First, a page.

James Hopper | Superintendent, Venus ISD
I grew up in Maud, Oklahoma. The fifth of eight kids, my dad was a pipeliner who dropped out of high school in 10th grade to go to work. My mom finished high school, but then getting married and starting her family at age 18, never attended college. She insisted however, that each of us speak correctly and provided a good spiritual underpinning by making us attend church.
Dad took each of us to work with him while still in our teens and taught us to “make a hand.” I learned how to operate a side-boom, dozer, backhoe and a track hoe, was exposed to welding of all sorts, as well as the hard and semi-nomadic life of pipelining in the heat and cold, and low-rent motels. With the work habits he instilled, I was able to eventually land jobs wrenching rods on well-service rigs and work as a roughneck on drilling rigs. I have used these work skills all my life.
As a child at home, I lacked hand-eye coordination, particularly in backyard baseball games. A common family joke is how I would use a bushel-basket for a glove when playing “hind-catcher.” At the time, it was all attributed to me just being squeamish.
In school, I began to fall behind as well. It wasn’t until a 7th grade screening at school that a serious eyesight deficiency was detected, and I soon got my first pair of glasses. I walked out of the optometrist office and looked at the large red rectangle on the side of the building, and for the first time read the words Coca-Cola. Afterwards, with my new glasses, I tried out for Little League Baseball and was actually drafted onto a team!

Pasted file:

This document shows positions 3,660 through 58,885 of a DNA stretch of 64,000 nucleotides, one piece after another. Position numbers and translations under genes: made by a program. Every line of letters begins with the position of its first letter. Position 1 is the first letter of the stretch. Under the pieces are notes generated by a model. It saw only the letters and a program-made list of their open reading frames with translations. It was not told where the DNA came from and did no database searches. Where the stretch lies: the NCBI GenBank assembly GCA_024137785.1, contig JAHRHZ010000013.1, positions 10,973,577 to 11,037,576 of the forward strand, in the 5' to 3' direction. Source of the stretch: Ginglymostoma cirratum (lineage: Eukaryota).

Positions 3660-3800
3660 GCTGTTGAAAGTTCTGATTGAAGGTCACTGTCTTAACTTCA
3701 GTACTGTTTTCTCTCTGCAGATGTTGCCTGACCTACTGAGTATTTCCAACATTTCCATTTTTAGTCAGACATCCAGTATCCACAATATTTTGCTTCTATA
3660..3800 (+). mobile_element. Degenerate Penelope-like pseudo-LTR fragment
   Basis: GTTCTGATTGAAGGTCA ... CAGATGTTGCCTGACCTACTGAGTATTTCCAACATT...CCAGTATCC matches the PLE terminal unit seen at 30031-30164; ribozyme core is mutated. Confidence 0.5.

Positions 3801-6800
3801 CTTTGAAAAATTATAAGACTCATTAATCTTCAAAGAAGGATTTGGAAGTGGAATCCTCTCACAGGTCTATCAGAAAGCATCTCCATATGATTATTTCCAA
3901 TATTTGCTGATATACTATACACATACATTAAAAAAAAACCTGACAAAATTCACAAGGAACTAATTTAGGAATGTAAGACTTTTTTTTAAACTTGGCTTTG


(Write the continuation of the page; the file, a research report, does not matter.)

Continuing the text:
But school work was another matter. By this time, I felt hopelessly behind, especially in math. Up to that point, I didn’t understand how the other kids seemed to “get it” and I didn’t. To further aggravate the problem, I was profoundly introverted and wasn’t about to ask questions that would draw attention to myself. I could read well enough, but now in 7th Grade I had not learned my multiplication tables, didn’t know how to divide and was just a few years from high school. But the worst of all was that because of my struggles, I was convinced that I was just not as smart as everyone else. My self-imposed system of roadblocks to success and sense of inferiority were already well established.
Without direction or confidence to ever achieve it if I had it, the positive affirmation I desperately needed came in my freshman year at Maud High School. I had just made a tackle on a varsity football player, when my (now Hall of Fame) high school football coach Derrel Pearcy, picked me up from the ground by my facemask, batted my head from side to side and said, “Hop, you’re gonna be a Helluva Football Player!”
From that day forward, I would do whatever it took to bring that affirmation to reality. Coach Pearcy taught us how to reach down inside ourselves and persevere well beyond our own expectations of ourselves. He never looked sloppy and carried himself with a confidence that few others had.
I never worked harder at anything in my life, and at the same time never had more fun doing it. He had given me vision and hope, and I wanted to be just like him. So, my plan was to go to college and play football as long as I could, and then coach football. Then I could die happy.